Many students do odd jobs over the summer to make extra cash. If this is your child's situation, keep in mind that earnings received from self-employment are also subject to income tax. This includes income from odd jobs such as babysitting and lawn mowing. 

If your child has net earnings of $400 or more from self-employment, he or she also has to pay self-employment tax. This tax pays for benefits under the Social Security and Medicare system. The self-employment tax is figured on Form 1040, Schedule SE.

Subsistence allowances paid to ROTC students participating in advanced training are not taxable. However, active duty pay, such as pay received during summer advanced camp is taxable.

Special rules apply to services performed as a newspaper carrier or distributor. As direct seller, your child may be treated as being self-employed for federal tax purposes if all pay for these services directly relates to sales rather than to the number of hours worked and delivery services are performed under a written contract which states that your child will not be treated as an employee for federal tax purposes. Generally however, newspaper carriers or distributors under age 18 are not subject to self-employment tax.

A summer work schedule is sometimes a patchwork of odd jobs, which makes for confusion come tax time. Contact the office if you have any questions at all about income your child earned this summer season.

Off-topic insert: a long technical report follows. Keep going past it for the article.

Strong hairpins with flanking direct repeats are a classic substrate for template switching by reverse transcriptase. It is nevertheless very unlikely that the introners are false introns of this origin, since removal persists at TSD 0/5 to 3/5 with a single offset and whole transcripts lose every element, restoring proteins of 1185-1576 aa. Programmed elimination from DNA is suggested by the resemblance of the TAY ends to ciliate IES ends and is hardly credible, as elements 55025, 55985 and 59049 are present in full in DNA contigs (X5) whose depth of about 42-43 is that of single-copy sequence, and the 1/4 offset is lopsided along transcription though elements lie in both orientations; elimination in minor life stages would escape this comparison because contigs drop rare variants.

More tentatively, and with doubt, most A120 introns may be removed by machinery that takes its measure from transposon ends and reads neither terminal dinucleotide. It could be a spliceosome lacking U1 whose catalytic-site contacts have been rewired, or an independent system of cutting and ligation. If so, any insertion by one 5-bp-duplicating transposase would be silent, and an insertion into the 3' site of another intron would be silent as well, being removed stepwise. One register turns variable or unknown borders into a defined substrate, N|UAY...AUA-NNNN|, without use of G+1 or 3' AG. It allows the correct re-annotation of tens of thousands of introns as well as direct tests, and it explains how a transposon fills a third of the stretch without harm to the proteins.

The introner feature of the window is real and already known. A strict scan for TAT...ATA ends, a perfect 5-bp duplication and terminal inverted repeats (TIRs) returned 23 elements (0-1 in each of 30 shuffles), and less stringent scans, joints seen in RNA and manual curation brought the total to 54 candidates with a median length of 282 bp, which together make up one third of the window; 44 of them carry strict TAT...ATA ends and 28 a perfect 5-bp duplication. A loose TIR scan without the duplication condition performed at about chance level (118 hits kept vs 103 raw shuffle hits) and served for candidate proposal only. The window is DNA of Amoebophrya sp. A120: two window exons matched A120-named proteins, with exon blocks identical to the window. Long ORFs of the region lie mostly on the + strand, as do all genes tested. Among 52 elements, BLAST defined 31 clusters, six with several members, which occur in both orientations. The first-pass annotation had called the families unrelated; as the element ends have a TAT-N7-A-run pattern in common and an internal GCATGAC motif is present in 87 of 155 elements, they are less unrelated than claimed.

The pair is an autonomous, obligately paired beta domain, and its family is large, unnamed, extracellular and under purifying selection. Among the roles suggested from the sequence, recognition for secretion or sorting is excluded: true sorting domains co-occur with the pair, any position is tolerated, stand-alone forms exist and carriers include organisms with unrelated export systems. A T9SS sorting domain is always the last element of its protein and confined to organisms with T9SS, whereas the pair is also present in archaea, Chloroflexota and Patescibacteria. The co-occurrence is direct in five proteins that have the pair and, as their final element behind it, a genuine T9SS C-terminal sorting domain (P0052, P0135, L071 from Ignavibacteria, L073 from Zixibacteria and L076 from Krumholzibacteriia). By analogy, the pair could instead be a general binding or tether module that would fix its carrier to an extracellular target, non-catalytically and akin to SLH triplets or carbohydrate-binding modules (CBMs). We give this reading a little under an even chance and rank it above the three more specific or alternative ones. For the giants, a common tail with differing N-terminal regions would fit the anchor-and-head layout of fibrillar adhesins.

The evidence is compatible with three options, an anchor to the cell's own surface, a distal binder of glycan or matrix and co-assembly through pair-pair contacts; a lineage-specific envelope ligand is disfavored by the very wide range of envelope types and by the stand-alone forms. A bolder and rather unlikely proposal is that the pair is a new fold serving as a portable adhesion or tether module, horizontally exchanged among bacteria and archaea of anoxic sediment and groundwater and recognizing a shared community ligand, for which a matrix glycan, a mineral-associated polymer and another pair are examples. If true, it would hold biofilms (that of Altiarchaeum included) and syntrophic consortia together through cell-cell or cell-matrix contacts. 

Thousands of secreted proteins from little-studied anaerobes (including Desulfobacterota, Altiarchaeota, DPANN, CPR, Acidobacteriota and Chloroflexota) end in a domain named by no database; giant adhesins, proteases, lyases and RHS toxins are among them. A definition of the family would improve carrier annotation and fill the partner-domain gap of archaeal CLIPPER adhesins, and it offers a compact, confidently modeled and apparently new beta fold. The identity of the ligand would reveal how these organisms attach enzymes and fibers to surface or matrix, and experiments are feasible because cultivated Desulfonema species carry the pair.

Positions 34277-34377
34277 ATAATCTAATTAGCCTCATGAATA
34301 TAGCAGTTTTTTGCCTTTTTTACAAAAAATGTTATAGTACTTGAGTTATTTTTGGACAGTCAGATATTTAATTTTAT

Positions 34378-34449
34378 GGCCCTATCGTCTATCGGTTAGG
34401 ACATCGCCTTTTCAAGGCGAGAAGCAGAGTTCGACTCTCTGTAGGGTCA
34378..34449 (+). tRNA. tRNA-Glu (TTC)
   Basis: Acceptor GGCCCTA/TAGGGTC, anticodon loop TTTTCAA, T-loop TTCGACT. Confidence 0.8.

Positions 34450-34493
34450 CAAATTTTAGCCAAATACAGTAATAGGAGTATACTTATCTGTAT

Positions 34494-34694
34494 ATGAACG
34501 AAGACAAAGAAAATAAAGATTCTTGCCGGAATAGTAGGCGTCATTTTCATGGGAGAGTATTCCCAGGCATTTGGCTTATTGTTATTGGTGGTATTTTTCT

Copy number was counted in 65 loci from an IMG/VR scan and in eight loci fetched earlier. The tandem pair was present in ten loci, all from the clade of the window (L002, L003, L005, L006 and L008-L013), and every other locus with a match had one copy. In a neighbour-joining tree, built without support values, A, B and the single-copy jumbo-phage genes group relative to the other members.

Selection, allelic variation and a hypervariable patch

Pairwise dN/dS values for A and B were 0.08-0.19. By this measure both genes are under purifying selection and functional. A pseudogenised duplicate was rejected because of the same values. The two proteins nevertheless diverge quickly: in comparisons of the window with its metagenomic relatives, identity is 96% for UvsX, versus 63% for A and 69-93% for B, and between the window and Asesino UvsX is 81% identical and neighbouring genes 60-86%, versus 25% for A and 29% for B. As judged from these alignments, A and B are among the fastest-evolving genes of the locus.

Employee or Independent Contractor? Know the Rules

All businesses and business owners should know the rules when it comes to classifying a worker as an employee or an independent contractor.

An employer must withhold income taxes and pay Social Security, Medicare taxes and unemployment tax on wages paid to an employee. Employers normally do not have to withhold or pay any taxes on payments to independent contractors.

Here are two key points for small business owners to keep in mind when it comes to classifying workers:

1. Control. The relationship between a worker and a business is important. If the business controls what work is accomplished and directs how it is done, it exerts behavioral control. If the business directs or controls financial and certain relevant aspects of a worker’s job, it exercises financial control. This includes: